Herodotus of Halicarnassus (fifth century BCE): Greek researcher and author, the world's first historian. In The Histories, he describes the expansion of the Achaemenid empire under its kings Cyrus the Great, Cambyses and Darius I the Great, culminating in king Xerxes' expedition in 480 BCE against the Greeks, which met with disaster in the naval engagement at Salamis and the battles at Plataea and Mycale. Herodotus' remarkable book also contains excellent ethnographic descriptions of the peoples that the Persians have conquered, fairy tales, gossip, and legends.

Arion (mosaic from Ostia)

One of Herodotus' short stories is about the musician Arion, who is believed to have been active in the last quarter of the seventh century BCE. Herodotus' statement that he was the inventor of the dithyramb (a hymn with a narrative in it, dedicated to the god Dionysus) is confirmed by other sources, although the poet Archilochus refers to a dithyramb in the early seventh century.

[1.24] In the age of Periander, the tyrant, say the Corinthians (and the Lesbians agree with them), there happened to him a very great marvel, namely that Arion of Methymna was carried ashore at Taenarum upon a dolphin's back. This man was a harper second to none of those who then lived, and the first, so far as we know, who composed a dithyramb, naming it so and teaching it to a chorus at Corinth.

This Arion, they say, who for the most part of his time stayed with Periander, sailed to Italy and Sicily, where he acquired large sums of money. After his tour, he wished to return to Corinth and he set forth from Tarentum. Because he had more faith in Corinthians than in other men, he hired a ship with a crew of Corinthians. However, when these were out in open sea, the story says, they formed a plot to cast Arion overboard and take his wealth. When he learned of this, he made entreaties to them, offered them his wealth and asked them to grant him his life.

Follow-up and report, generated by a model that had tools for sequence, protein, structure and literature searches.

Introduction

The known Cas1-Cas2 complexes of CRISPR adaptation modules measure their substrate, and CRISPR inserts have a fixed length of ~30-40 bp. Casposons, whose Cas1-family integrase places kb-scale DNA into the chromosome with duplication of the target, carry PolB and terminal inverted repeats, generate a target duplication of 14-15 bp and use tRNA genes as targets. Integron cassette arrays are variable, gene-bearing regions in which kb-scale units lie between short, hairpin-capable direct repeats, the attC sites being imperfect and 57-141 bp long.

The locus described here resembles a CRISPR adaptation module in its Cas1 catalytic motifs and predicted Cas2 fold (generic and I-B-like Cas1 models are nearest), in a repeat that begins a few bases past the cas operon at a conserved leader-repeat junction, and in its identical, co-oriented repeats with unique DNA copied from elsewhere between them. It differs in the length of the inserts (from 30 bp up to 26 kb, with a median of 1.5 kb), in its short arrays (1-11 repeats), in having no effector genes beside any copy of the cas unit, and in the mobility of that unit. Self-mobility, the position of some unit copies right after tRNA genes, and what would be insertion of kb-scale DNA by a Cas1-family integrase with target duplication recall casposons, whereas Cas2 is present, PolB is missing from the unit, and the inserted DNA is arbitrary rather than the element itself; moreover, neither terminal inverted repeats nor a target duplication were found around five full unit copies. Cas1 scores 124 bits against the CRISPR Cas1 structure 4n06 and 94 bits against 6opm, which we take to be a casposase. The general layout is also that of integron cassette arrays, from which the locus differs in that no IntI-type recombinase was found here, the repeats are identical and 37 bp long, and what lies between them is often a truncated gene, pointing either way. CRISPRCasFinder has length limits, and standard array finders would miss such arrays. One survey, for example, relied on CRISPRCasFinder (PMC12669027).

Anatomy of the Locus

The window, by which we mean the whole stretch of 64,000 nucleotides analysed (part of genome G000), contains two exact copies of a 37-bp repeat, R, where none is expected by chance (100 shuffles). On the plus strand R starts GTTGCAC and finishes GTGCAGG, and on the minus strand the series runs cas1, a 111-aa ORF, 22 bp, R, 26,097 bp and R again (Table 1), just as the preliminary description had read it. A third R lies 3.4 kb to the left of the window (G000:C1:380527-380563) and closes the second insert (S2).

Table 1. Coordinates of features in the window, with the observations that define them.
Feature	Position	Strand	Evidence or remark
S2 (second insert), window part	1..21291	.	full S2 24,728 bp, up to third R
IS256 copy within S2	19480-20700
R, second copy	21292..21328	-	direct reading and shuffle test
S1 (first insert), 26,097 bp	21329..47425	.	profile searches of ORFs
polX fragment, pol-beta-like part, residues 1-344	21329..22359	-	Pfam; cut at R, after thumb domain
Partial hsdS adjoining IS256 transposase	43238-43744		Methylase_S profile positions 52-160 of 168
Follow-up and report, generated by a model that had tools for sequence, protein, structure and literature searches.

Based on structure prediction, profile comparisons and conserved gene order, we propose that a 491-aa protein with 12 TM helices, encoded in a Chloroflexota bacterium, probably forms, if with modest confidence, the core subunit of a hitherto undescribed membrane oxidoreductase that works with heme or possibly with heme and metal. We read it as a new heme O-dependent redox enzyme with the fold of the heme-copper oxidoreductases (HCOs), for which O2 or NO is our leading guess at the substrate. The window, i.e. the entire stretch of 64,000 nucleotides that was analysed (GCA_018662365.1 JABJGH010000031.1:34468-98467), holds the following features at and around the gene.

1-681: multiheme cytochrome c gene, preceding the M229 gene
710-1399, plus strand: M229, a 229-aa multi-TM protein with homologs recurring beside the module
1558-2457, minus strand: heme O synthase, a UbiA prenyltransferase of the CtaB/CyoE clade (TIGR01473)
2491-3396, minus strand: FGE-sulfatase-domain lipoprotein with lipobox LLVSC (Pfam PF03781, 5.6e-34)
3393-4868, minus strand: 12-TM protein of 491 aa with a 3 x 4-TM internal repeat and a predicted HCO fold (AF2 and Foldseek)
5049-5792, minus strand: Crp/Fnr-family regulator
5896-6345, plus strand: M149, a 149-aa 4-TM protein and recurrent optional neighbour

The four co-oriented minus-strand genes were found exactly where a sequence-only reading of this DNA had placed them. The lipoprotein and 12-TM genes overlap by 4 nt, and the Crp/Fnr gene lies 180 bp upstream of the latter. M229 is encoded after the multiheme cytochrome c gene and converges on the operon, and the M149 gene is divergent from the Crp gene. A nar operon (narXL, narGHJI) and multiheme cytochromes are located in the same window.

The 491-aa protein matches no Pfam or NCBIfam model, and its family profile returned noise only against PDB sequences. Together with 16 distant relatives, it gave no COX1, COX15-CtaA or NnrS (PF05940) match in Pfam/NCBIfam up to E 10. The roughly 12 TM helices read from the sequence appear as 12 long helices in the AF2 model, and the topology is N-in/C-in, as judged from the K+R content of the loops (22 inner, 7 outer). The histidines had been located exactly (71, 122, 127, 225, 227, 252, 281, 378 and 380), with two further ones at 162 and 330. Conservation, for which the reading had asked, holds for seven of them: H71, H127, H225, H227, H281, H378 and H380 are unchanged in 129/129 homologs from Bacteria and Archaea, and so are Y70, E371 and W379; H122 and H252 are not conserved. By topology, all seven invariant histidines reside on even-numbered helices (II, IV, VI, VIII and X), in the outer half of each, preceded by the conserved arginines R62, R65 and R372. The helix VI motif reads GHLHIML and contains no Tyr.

However, he did not prevail upon them, and the men who were conveying him told him to either slay himself there and receive burial on the land, or leap straightway into the sea. So Arion, desperate, entreated them that, since they were so minded, they would allow him to take his stand in full singer's garb upon the deck of the ship and sing; and he promised to put himself to death after he had sung. They then, pleased that they should hear the best of all singers upon earth, drew back from the stern towards the middle of the ship; and he put on the full garb and took his lyre, and standing on the deck performed his most famous song. When the song ended, he threw himself into the sea just as he was, in his singer's garb.

They went on sailing away to Corinth, but a dolphin supported Arion on its back and -so they say- brought him to shore at Cape Taenarum. When he had come to land, he proceeded to Corinth with his singer's garb. After his arrival, he told all that had happened, but Periander, who doubted his story, kept him in guard and would let him go nowhere, while he kept careful watch for those who had conveyed him.

When they came, he called them and inquired if they had news about Arion. When they said that he was safe in Italy and that they had left him at Tarentum faring well, Arion suddenly appeared before them in the same guise as when he had made his leap from the ship. They were struck with amazement and no longer able to deny what they had done.

This is the tale told by the Corinthians and Lesbians, and there is at Taenarum a small votive offering of Arion, namely a bronze figure of a man upon a dolphin's back.